An “injury” is discovered when a plaintiff knows or should have known of the existence of three elements: (1) harm; (2) causation; and (3) tortious conduct. The statute of limitations starts running when the plaintiff knows or should have known facts that would make a reasonable person aware of a substantial possibility that each of the elements exists. The plaintiff must be aware of the conduct and the “tortious nature” of the conduct.

Area(s) of Law:
  • Tort Law

Pohlman v. Cain

“Preservation principles apply in the context of post-conviction relief and, as a general rule, arguments not made to the post-conviction court in support of a claim will not be considered on appeal.” Hale v. Belleque, 255 Or App 653, 660, 298 P3d 596, adh’d to on recons, 258 Or App 587, 312 P3d 533, rev den, 354 Or 597 (2013).

Area(s) of Law:
  • Post-Conviction Relief

State v. Farris

A probation condition violates the Oregon Constitution if its terms are not sufficiently explicit to inform those subjects to them as to what conduct will render them in violation of the condition.

Area(s) of Law:
  • Parole and Post-Prison Supervision

State v. Lasheski

Post-opinion dismissal motions are disfavored by the court and will be granted only when the appellant presents a compelling reason for dismissal.

Area(s) of Law:
  • Appellate Procedure

State v. Perez-Salas

Where a building consists of separate units, including but not limited to, separate apartments, offices, or rented rooms, each unit, in addition to being a part of the same building, is a separate building.

Area(s) of Law:
  • Criminal Law

State v. Dart

ORS 161.200 requires that a defendant’s perception of a threat be reasonable as gauged by an objective “reasonable person” standard and not a subjective, defendant specific standard for the choice of evils defense.

Area(s) of Law:
  • Criminal Procedure

State v. Estrada-Robles

Since the trial court’s decision in 2019, the U.S. Supreme Court ruled on Ramos v. Louisiana, 590 140 S Ct 1390 (2020), which declared non-unanimous verdicts to violate the Sixth Amendment.

Area(s) of Law:
  • Criminal Procedure

State v. Bilton

It is well settled that a trial court errors when imposing a DUII fee without first announcing it at sentencing.

Area(s) of Law:
  • Criminal Procedure

State v. Coats

A “sufficient pause” for purposes of ORS 161.067(3) means a “temporary or brief cessation of a defendant’s criminal conduct that occurs between repeated violations and is so marked in scope or quality that it affords a defendant the opportunity to renounce his or her criminal intent.” State v. Huffman, 234 Or App 177, 184, 227 P3d 1206 (2010).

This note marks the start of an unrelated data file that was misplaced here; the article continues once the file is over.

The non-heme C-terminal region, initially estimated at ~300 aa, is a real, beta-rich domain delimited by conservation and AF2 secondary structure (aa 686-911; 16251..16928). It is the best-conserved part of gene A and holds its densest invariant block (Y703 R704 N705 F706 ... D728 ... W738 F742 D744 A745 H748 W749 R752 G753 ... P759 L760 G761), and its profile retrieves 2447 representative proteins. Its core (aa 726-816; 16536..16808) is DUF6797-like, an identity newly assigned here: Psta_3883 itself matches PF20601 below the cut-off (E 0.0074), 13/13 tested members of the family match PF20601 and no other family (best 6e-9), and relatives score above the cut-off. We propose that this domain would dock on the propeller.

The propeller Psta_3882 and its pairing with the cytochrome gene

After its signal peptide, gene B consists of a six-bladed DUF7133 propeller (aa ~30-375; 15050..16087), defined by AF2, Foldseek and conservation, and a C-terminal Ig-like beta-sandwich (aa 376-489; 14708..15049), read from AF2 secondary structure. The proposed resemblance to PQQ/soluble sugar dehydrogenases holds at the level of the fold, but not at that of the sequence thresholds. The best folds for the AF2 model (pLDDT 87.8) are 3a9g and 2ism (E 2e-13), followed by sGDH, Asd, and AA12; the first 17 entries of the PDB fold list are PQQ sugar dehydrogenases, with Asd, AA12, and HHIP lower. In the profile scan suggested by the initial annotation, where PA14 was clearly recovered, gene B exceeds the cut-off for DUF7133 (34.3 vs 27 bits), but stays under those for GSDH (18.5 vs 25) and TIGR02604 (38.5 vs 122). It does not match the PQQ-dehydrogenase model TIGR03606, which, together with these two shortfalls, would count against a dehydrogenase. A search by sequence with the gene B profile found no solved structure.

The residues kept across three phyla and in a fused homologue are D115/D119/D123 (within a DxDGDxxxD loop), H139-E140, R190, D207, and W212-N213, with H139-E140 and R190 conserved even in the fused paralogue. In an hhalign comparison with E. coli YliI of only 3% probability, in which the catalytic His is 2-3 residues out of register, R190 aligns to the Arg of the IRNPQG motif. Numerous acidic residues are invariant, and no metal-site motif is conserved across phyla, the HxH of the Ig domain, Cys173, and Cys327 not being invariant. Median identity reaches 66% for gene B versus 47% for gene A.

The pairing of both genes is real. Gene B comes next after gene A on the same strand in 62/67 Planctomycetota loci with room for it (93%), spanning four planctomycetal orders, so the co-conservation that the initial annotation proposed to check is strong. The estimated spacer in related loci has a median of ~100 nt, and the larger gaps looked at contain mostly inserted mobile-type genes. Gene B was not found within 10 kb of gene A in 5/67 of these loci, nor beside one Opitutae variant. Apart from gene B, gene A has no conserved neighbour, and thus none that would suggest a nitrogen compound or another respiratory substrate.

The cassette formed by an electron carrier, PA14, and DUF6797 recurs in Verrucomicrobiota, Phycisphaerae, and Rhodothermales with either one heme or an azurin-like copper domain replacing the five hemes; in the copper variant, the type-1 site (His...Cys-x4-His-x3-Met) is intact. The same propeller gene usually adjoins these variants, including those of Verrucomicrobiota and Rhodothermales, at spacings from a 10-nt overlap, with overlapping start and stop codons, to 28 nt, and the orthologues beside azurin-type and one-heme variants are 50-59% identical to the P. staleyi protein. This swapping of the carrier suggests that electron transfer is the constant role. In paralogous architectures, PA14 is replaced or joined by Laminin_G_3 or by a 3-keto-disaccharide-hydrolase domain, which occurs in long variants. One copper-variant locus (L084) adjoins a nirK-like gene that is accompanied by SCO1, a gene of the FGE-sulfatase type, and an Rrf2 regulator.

Area(s) of Law:
  • Criminal Procedure

State v. Phillips

Protective measures taken by police officers must be proportionate to the perceived threat, reasonable suspicion would develop if a Defendant took some substantial step towards the end alleged.

Area(s) of Law:
  • Criminal Procedure

Ceaser v. Dept. of Human Services

Under ORS 183.310 to 183.690, “[r]eview of a contested case shall be confined to the record, and the court shall not substitute its judgment for that of the agency as to any issue of fact or agency discretion.”

Area(s) of Law:
  • Administrative Law

State v. McIntyre

Police unlawfully expanded the scope of the traffic stop even though they did not unlawfully extend duration, this case is analogous to State v. Hallam, 307 Or App 796 (2020).

Area(s) of Law:
  • Evidence

State v. Damper

Receipt of a nonunanimous verdict is plain error that an appellate court should exercise its discretion to review, it is an error that cannot be found harmless.

Area(s) of Law:
  • Criminal Procedure

State v. Phillips

Under OEC 404(3) “evidence of other crimes wrongs or acts is not admissible to prove the character of a person in order to show that the person acted in conformity therewith,” but allows such evidence for reasons such as proof of motive, the proponent bears the burden of showing relevance.

Area(s) of Law:
  • Evidence

State v. Tinoco-Camarena

Under OEC 404(3), “evidence of other crimes wrongs or acts is not admissible to prove the character of a person in order to show that the person acted in conformity therewith,” but allows such evidence for reasons such as proof of intent.

Area(s) of Law:
  • Evidence

State v. Jasperse

OEC 403 allows relevant evidence to be excluded if its probative value is substantially outweighed by the danger of confusion of the issues or needless presentation of cumulative evidence.

Area(s) of Law:
  • Criminal Law

Royal Blue Organics v. City of Springfield

In reviewing whether LUBA’s decision was “unlawful in substance,” ORS 197.850(9)(a), we review the pertinent city code provisions to determine whether LUBA interpreted them consistently with the ordinary principles of statutory, or code, construction.

Area(s) of Law:
  • Land Use

Lane v. Marion County D.A.'s Office

The Supreme Court identified three criteria to “guide the determination of whether a decision-making process was quasi-judicial, (1) Was the process, once begun, bound to result in a decision? (2) Was the decision-maker bound to apply pre-existing criteria to concrete facts? (3) Was the decision directed at a closely circumscribed factual situation or a relatively small number of persons?” Hicks v. Cent. Point Sch. Dist., 270 Or App at 544 (2015) (citing Strawberry Hill 4 Wheelers v. Board of Comm’rs, 287 Or at 602-03).

Area(s) of Law:
  • Civil Procedure

State v. Gilbreath

ORS 163.411 provides that a person commits unlawful sexual penetration in the first degree if the person penetrates the vagina, anus, or penis of another with any object other than the penis or mouth no “sexual or injurious intent” is required.

Area(s) of Law:
  • Criminal Law